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Search tags: Gothic-Novel
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text 2017-11-15 17:13
Finding more books . . . .
The Impostor - Noel B. Gerson

I thought I had inventoried all the books that are stashed in the studio.  Apparently not.

 

In my never-ending quest to provide covers - even the wrong ones, if necessary -- for all the books on my BookLikes shelves, I got down on my hands and knees in search of The Impostor, which I knew was out there.  Sure enough, there it was on the bottom shelf in the middle of a stack of other mid-century book club editions.  Few of them have dust jackets, so they aren't worth scanning. However, I knew The Impostor not only still had its paper cover but that it was in reasonably good condition.

 

When I lifted the other books from on top of it, I checked their spines to see if there might be some surprises.

 

The first two titles were ones I recognized as being duly entered on my spreadsheet.

 

The third was the surprise.

 

No dust jacket, but a nice book club edition of Phyllis A. Whitney's Columbella!  I was certain I had inventoried all the Whitneys and none were in the studio.  Alas, this one somehow got skipped.  It has now been added!

 

 

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review 2017-11-14 07:06
The Coven (Beatrice Scarlet) - Graham Masterton

1758,London.Beatrice Scarlet,a widow, works in a refuge for "fallen"women. But then some of these young girls (who,after a rehabilitation period,are sent out to factories )disappear.

Although the title implies witches and witchcraft (so does the cover by the way),this is more of a mystery story with some dark/horror undercurrents. But after a rather slow start it is definitely a thrilling read and mostly well written.This also happens to be the second book in this new series. 

Only comment,perhaps certain scenes (rape scenes mainly)might have been a little less graphic. 

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review 2017-11-11 22:17
Excellent historical perspective on the genre
The Tale Of Terror: A Study Of The Gothic Fiction - Edith Birkhead

Disclosure:  I acquired a free Kindle edition of this public domain work.

 

Although a bit dry at times, Edith Birkhead's 1921 study of gothic fiction is still a valuable resource for anyone wishing to understand the evolution of the genre.  Her insights remain relevant even a century (almost) later.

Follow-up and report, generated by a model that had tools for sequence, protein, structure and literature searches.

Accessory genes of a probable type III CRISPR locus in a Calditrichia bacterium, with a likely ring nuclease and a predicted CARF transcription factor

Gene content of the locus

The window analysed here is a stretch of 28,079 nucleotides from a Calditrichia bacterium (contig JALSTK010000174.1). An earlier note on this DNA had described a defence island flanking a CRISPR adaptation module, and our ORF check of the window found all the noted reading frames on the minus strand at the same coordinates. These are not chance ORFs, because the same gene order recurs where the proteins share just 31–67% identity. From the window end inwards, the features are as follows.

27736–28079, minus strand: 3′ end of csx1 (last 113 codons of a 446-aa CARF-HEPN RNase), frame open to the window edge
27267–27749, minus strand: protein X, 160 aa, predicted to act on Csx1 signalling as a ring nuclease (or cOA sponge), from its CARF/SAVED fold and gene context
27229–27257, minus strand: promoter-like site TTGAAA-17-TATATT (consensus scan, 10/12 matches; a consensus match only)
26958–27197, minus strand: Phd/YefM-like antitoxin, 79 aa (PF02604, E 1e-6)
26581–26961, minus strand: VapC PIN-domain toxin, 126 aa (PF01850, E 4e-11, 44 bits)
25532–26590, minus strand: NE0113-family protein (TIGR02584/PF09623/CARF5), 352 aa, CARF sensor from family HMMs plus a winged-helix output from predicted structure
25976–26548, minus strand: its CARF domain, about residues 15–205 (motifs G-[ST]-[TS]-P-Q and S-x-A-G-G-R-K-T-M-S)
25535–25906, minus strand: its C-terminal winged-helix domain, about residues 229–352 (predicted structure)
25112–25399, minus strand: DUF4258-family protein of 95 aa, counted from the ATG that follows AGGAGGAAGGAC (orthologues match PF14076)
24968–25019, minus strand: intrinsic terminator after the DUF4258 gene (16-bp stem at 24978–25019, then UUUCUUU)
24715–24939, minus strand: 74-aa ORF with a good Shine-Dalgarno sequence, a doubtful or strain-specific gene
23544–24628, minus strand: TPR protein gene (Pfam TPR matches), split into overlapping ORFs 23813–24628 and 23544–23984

She starts with Horace Walpole's The Castle of Otranto and moves forward into the novels of Mrs. Radcliffe, Matthew "Monk" Lewis, and others at the end of the eighteenth century.  The connections she makes between the authors and the books they read as well as the books they wrote was interesting.  Too often, literary analysts seem to assume the books write themselves and evolve one after the other without human intervention.

 

Many of the books and authors cited have of course been classics for a very long time, but others are less well known and less available even in this age of digitization.  It's going to be fun tracking down some of these unfamiliar titles.

 

One aspect I found particularly interesting, and again given that this was written nearly a hundred years ago, was that Ms. Birkhead recognized the integration of aspects of the gothic story into other genres of fiction, whether bringing elements of the supernatural into the mundane setting such as The Picture of Dorian Grey, or allowing natural fear and terror to heighten the reader's excitement and interest, as in The Prisoner of Zenda.

 

The edition I obtained is complete with footnotes and index, which will be very useful.

 

Recommended.

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review 2017-10-30 13:00
Blackwater: The Complete Saga by Michael McDowell, narrated by Matt Godfrey
Blackwater: The Complete Saga - Michael McDowell,Matt Godfrey

Blackwater: The Complete Saga on audio is absolutely phenomenal! Phenomenal! That's right, it's so good, it deserves two PHENOMENALS. 

 

First-about the book itself. Michael McDowell was a force to be reckoned with as far as writing about family dynamics. If you've read The Elementals, Gilded Needles, or Cold Moon over Babylon, (and if you haven't you SHOULD), you already know that McDowell writes about families like no one else. Now imagine those books expanded to cover several generations of one family, in this case The Caskeys, and you might have an inkling of how great a work of literature, (that's right, I'm calling it literature), Blackwater really is. 

 

Starting with a huge flood in Perdido, Alabama and a mysterious woman found in a partially flooded hotel and ending with another flood in the same town, there is a symmetry here not often found in horror fiction. Perhaps it's because Blackwater isn't really a horror novel, (or series of novels, as it was originally released back in the 80's), at all. I would describe it more as a Southern Gothic soap opera or family saga, with supernatural and horrific elements.